NOTE: Faculty, if you are interviewed and quoted by news media, or if your work has been cited, and you have an online link to the article or video, please let us know. Contact us at firstname.lastname@example.org.
CSUSB professor writes on ‘The Real Dividing Line on Abortion’
May 20, 2022
Meredith Conroy, CSUSB associate professor of political science, co-wrote an article on the complex debate over abortion, titled, “The Real Dividing Line on Abortion.” Conroy and Amelia Thomson-DeVeaux wrote, in part, “The dividing lines of the abortion debate aren’t just about the morality of terminating a pregnancy. They’re also about views of power. Who has it? Who doesn’t? And who should? And the influence of those beliefs isn’t limited to abortion — it also spills into other culture wars, particularly about whether men face discrimination.
“Whenever abortion is in the news, a lot of discussion inevitably hinges on how women will respond. Losing access to safe, legal abortion will mean that more women carry unwanted pregnancies. The issue itself is often framed in terms of women’s rights and autonomy. The problem is that not all women think about abortion that way. According to a recent poll by the Pew Research Center, men and women in the U.S. have exceedingly similar views about abortion’s legality.”
Read the complete article at “The Real Dividing Line on Abortion.”
CSUSB professor helps fact-check news commentator’s statements on ‘great replacement’ conspiracy theory
PolitiFact (The Poynter Institute)
May 19, 2022
Brian Levin, the director of the Center for the Study of Hate and Extremism at California State University, San Bernardino, was one of the sources PolitiFact turned to when fact-checking Fox commentator Tucker Carlson after he claimed ignorance of the racist “great replacement” conspiracy theory.
"Mr. Carlson is the highest transmitter of the very ‘replacement theory’ bigotry he feigns not knowing," said Levin.
The version of the "great replacement theory" on Carlson’s show has not been as extreme as the more vile and violent forms that exist on fringe forums like 4chan, PolitiFact reported. The Fox News host has repeatedly denounced violence, and there has been no sign the Buffalo shooter who killed 10 people, and allegedly used the conspiracy theory as one of his justifications for the shooting, watched his show. But he has repeatedly used the idea in many of his commentaries.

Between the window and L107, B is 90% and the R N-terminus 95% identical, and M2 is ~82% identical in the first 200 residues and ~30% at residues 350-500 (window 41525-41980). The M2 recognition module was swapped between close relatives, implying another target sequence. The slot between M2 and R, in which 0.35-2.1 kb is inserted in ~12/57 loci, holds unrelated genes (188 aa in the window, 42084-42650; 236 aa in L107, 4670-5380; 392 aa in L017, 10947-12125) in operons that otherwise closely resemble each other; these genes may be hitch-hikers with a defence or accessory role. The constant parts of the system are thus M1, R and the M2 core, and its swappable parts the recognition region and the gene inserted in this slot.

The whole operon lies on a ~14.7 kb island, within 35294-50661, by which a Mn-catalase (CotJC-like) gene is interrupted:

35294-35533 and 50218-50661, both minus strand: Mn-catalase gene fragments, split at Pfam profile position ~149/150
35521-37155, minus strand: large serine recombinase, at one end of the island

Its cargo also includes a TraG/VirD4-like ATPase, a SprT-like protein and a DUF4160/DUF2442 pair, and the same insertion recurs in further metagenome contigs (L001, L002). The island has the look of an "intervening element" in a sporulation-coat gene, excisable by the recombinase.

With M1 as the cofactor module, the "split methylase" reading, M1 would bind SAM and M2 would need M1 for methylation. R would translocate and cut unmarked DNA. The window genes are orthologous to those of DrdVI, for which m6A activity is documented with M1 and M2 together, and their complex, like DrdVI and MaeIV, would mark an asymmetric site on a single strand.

Read the complete article at “Tucker Carlson feigned ignorance over ‘great replacement theory,’ despite talking about it often.”
Hate incidents motivated by strong political or nationalist sentiments are rare, CSUSB professor says
May 19, 2022
Despite an increase in hate and violence against Asian Americans and Pacific Islanders, attacks within the AAPI community are rare — making it all the more startling that a Southern California mass shooting on May 15 at a Taiwanese church was allegedly carried out by a Taiwanese American gunman. The incident points to hate crimes that are politically motivated or inspired by strong nationalist sentiment.
While FBI hate crime data shows Asian-on-Asian hate incidents represent an infinitesimal percentage of such incidents, “one of the things that we know about nationality-based hate crimes is when things get hot elsewhere, they get hot here” in the U.S., said Brian Levin, professor of criminal justice and director of the Center for the Study of Hate & Extremism at California State University, San Bernardino. “We do see these [cases], but not a lot,” he says.
Read the complete article at “Calif. church shooting raises questions on nationality-based potential hate crime.”
CSUSB professor comments on diary sent to newspaper by suspect in Orange County church shooting
KCBS Radio San Francisco
May 20, 2022
Brian Levin, director of the Center for the Study of Hate & Extremism at California State University, San Bernardino, was interviewed for a segment about the Orange County church shooting on May 15 that authorities are investigating as a politically motivated hate crime. One person died in the shooting.
The suspect, who authorities said expressed strong sentiment about Taiwan being part of China rather than an independent nation, had mailed a diary to a Chinese-language newspaper outlining his reasons for attacking the church, whose members are Taiwanese. Levin said it was no surprise that the diary was sent. Perpetrators of such acts “not only want to commit the act of violence, but also air their grievances in some way.” It’s a tactic commonly associated with far-right extremists, he said.
Listen to the segment at “03:41 KCBS-AM (Radio).”
These news clips and others may be viewed at “In the Headlines.”